Friday, January 27, 2017
Blue Highways of the Inside Passage - Part I
Paddling the Inside Passage changes people forever. Attempting it is bold. Completing it is remarkable. I stand in awe of those who have attempted or completed that task.
Living in Seattle I have the good fortune of being just a day’s drive from Port Hardy which is located at the north end of Vancouver Island. That allows me access to the Canadian Coast that most North American paddlers would die for. While I have paddled parts and pieces of the Inside Passage I lack the commitment that is required to do it from start to finish.
The planning and logistics of a trip of that magnitude are daunting and the time requirement can be tough to accommodate with our busy lives. The Canadian and Alaskan Pacific Coastline is probably a long way from your home. It certainly is for most North American paddlers so just getting to and from your put-in and take-out isn’t easy for most. It takes tremendous commitment from beginning to end and I suspect that this combines to make the Inside Passage trip a one-and-done sort of experience for many paddlers.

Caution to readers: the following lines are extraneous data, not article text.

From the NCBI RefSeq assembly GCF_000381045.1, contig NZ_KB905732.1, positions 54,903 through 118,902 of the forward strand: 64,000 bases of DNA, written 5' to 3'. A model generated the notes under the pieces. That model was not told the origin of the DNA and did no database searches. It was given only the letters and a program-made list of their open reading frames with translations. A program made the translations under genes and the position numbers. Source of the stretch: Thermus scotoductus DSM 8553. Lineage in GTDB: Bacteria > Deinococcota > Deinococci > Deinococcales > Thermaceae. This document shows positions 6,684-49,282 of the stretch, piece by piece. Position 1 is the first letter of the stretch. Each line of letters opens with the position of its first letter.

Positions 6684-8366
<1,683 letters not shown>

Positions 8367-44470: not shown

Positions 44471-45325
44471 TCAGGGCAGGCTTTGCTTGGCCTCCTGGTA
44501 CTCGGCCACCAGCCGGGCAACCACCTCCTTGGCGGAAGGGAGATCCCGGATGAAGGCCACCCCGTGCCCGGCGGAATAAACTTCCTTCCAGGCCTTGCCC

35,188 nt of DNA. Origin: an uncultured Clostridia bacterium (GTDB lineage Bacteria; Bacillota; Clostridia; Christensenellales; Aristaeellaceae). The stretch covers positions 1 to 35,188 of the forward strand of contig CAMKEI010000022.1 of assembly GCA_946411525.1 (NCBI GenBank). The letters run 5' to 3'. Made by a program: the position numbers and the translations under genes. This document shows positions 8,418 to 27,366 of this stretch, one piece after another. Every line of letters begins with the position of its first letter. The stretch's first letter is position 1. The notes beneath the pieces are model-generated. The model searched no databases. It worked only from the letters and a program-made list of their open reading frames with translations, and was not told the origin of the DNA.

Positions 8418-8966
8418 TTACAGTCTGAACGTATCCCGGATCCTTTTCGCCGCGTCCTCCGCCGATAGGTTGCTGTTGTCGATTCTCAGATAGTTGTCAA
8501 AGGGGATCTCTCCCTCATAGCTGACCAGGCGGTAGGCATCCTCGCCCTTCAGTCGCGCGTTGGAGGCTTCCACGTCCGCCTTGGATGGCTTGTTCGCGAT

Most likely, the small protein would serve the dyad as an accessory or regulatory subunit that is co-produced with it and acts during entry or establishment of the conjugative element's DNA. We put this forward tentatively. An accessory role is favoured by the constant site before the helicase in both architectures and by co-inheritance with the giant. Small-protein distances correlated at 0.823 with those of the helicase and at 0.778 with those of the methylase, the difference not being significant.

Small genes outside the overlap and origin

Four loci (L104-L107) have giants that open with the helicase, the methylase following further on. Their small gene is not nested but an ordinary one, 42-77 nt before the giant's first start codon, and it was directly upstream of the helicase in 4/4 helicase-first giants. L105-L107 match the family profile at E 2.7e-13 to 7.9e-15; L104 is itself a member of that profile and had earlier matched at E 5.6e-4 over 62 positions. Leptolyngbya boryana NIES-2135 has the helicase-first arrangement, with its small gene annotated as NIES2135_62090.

The IP is well established and serves as the primary route for all water craft with only minor variations that are focused on efficiency of staying on task. Little is mentioned about what lies just off the route by a day or of lesser-used parallel routes and from an efficiency standpoint that seems wise.
In 1982 William Least Heat Moon released the book “Blue Highways” which was his account of traveling around the United States using lesser used roads which, in the days of paper road maps, were blue in color. Avoiding the interstate highways/established routes his experience was enriched by traveling the “road not taken”. since it may be hard for you to return to this remote paradise consider incorporating some “Blue Highways” into your route planning. .………..just in case you don’t get back that way or you need fodder for planning another trip.
As Robert Frost once said:
I shall be telling with a sigh
Somewhere ages and ages hence
Two roads diverged in a wood, and I
I took the one less traveled by,
And that has made all the difference.